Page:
[3] [These particulars are now published in the ‘Leaves from the Journals of Henry Greville,’ selected by his niece, the Viscountess Enfield.]

May 27th, 1838

Yesterday, at two o’clock, died, after a week’s illness, of a low bilious fever, Lady Harrowby,[4] the oldest and most intimate of my friends, and the woman in the world for whom I had the greatest respect and regard. My intercourse with her had been much diminished for many years past; such changes take place in our social habits without any cause except those which the lapse of time, different pursuits, ties, and habits, bring about. There is a melancholy satisfaction in dwelling upon the noble qualities which death has extinguished, and the excellence of Lady Harrowby demands a brief tribute of affection and admiration from those who, having best known her virtues, have the greatest reason to deplore, and are best able to appreciate, her loss. She had a mind of masculine strength united with a heart of feminine softness; for while she was resolute and determined, and had firmness and courage to bear up against the heaviest afflictions, she had no coldness or insensibility in her temperament, but was endowed with the tenderest and warmest affections. She was not by nature imaginative, but her understanding was excellent and utterly devoid of lumber and affectation. She had the sound practical sense of a vigorous and healthy mind, without a particle of vanity or conceit; she never attempted to plunge out of her depth, or to soar beyond the level of her comprehension and her knowledge. Her conversation therefore was [97] CHARACTER OF LADY HARROWBY. happily described by an old and attached friend and very competent judge, when he said of it that ‘her talk was so crisp.[5] She had an even flow of animal spirits, was never capricious or uncertain, full of vivacity, with a constant but temperate enjoyment of society; never fastidious or exclusive, tasting and appreciating excellence without despising or slighting mediocrity; attentive, affable, and obliging to all, and equally delighting all, because her agreeableness was inseparable from her character, and was an habitual and unceasing emanation from it, rather than the exertion of a latent power only drawn forth by the attraction of corresponding intellectual energies; perfectly natural both in manner and character, honest, straightforward, sincere, and true, but with a genuine benevolence which made her sensitively shrink from the infliction of pain. Delivered altogether from ‘envy, hatred, malice, and all uncharitableness,’ she was ever inclined to extenuate the faults, to pardon the errors, and to put the best construction on the motives of others; no mean jealousy ever entered her mind, no repining at the prosperity, however unmerited, of other people. She drew pleasure from the purest of all sources, from the contemplation of the success, the happiness, and the welfare of her friends and acquaintance. With an exquisite tact, without the slightest appearance of art, frank without severity, open without imprudence, always negligent of self and considerate of others, all her thoughts, impulses, and actions were regulated by the united influence of the highest principles, the clearest judgement, and the kindliest feelings. Thus blessed in her own happy disposition, she was a blessing to all around her. She was the ornament and delight of society, the comfort, support, and joy of her own family. The numerous friends who admired and esteemed her will sincerely deplore her loss; the world, in which she never made an enemy, will render its tribute of justice to her merit in a transient but general expression of regret; but to the grief of her children, the bitterness of which time alone [98] can assuage, time itself can afford but an imperfect consolation, for so entirely was she associated with the interests, the habits, and the pursuits of their existence, that every passing day and hour will bring something to remind them of the loss they have sustained. But although it has not been permitted to them to see her days extended to the ordinary term of human life, and to be engaged in the tender office of ‘rocking the cradle of her declining age,’ for herself it is no unhappy or unenviable lot to have closed a useful, an honourable, and a prosperous career in the unimpaired possession of her faculties, without mental disquietude or bodily pain, and surrounded by all the dearest objects of her interest and her love.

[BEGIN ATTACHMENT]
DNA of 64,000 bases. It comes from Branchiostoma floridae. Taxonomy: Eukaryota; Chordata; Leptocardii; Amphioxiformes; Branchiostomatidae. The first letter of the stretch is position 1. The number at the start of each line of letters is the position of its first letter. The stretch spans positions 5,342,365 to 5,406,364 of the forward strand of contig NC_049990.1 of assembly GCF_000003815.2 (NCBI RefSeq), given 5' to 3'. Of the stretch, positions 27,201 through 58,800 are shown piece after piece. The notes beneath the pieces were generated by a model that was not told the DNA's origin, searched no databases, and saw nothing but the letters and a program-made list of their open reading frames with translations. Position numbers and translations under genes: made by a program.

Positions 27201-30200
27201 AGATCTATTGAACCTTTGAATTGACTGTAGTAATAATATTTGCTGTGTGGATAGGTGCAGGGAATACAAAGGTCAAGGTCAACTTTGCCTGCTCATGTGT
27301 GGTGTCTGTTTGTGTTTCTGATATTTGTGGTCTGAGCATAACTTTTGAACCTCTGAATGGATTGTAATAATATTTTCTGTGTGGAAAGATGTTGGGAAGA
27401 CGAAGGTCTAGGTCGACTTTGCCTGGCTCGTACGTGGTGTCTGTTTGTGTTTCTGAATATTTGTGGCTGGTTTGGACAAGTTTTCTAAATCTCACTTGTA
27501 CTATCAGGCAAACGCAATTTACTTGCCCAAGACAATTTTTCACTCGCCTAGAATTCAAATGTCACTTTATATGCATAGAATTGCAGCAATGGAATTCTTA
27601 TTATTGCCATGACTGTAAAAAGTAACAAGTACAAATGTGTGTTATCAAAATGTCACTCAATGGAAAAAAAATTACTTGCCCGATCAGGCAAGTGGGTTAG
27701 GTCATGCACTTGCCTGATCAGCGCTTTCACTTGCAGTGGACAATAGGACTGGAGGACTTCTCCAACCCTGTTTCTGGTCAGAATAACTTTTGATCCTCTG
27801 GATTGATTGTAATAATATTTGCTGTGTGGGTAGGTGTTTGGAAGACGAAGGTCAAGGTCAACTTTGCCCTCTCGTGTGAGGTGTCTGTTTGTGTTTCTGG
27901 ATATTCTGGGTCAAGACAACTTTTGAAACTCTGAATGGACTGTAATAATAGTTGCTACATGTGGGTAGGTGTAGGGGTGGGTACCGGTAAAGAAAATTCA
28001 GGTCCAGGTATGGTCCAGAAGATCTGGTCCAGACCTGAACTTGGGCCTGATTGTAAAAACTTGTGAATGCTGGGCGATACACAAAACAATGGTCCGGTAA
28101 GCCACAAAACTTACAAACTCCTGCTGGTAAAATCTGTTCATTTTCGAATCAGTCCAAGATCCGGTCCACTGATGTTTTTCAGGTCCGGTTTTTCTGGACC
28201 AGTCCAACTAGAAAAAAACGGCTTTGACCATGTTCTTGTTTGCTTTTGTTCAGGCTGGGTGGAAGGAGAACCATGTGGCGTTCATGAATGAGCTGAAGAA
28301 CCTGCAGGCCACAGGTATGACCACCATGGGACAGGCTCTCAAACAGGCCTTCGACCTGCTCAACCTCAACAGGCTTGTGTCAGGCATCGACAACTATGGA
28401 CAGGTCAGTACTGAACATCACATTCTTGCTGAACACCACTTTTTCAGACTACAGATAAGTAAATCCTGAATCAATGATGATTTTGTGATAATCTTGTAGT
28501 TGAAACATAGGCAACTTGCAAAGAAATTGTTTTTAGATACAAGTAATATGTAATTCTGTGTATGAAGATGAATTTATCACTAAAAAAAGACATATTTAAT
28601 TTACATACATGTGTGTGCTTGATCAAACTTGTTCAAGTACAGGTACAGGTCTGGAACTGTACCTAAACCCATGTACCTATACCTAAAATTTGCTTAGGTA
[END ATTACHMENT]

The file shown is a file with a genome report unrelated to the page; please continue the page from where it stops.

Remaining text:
[4] [Susan, Countess of Harrowby, daughter of Granville, first Marquis of Stafford, and wife of Dudley Ryder, first Earl of Harrowby, died the 26th of May, 1838.]

[5] Mr. Luttrell.

June 1st, 1838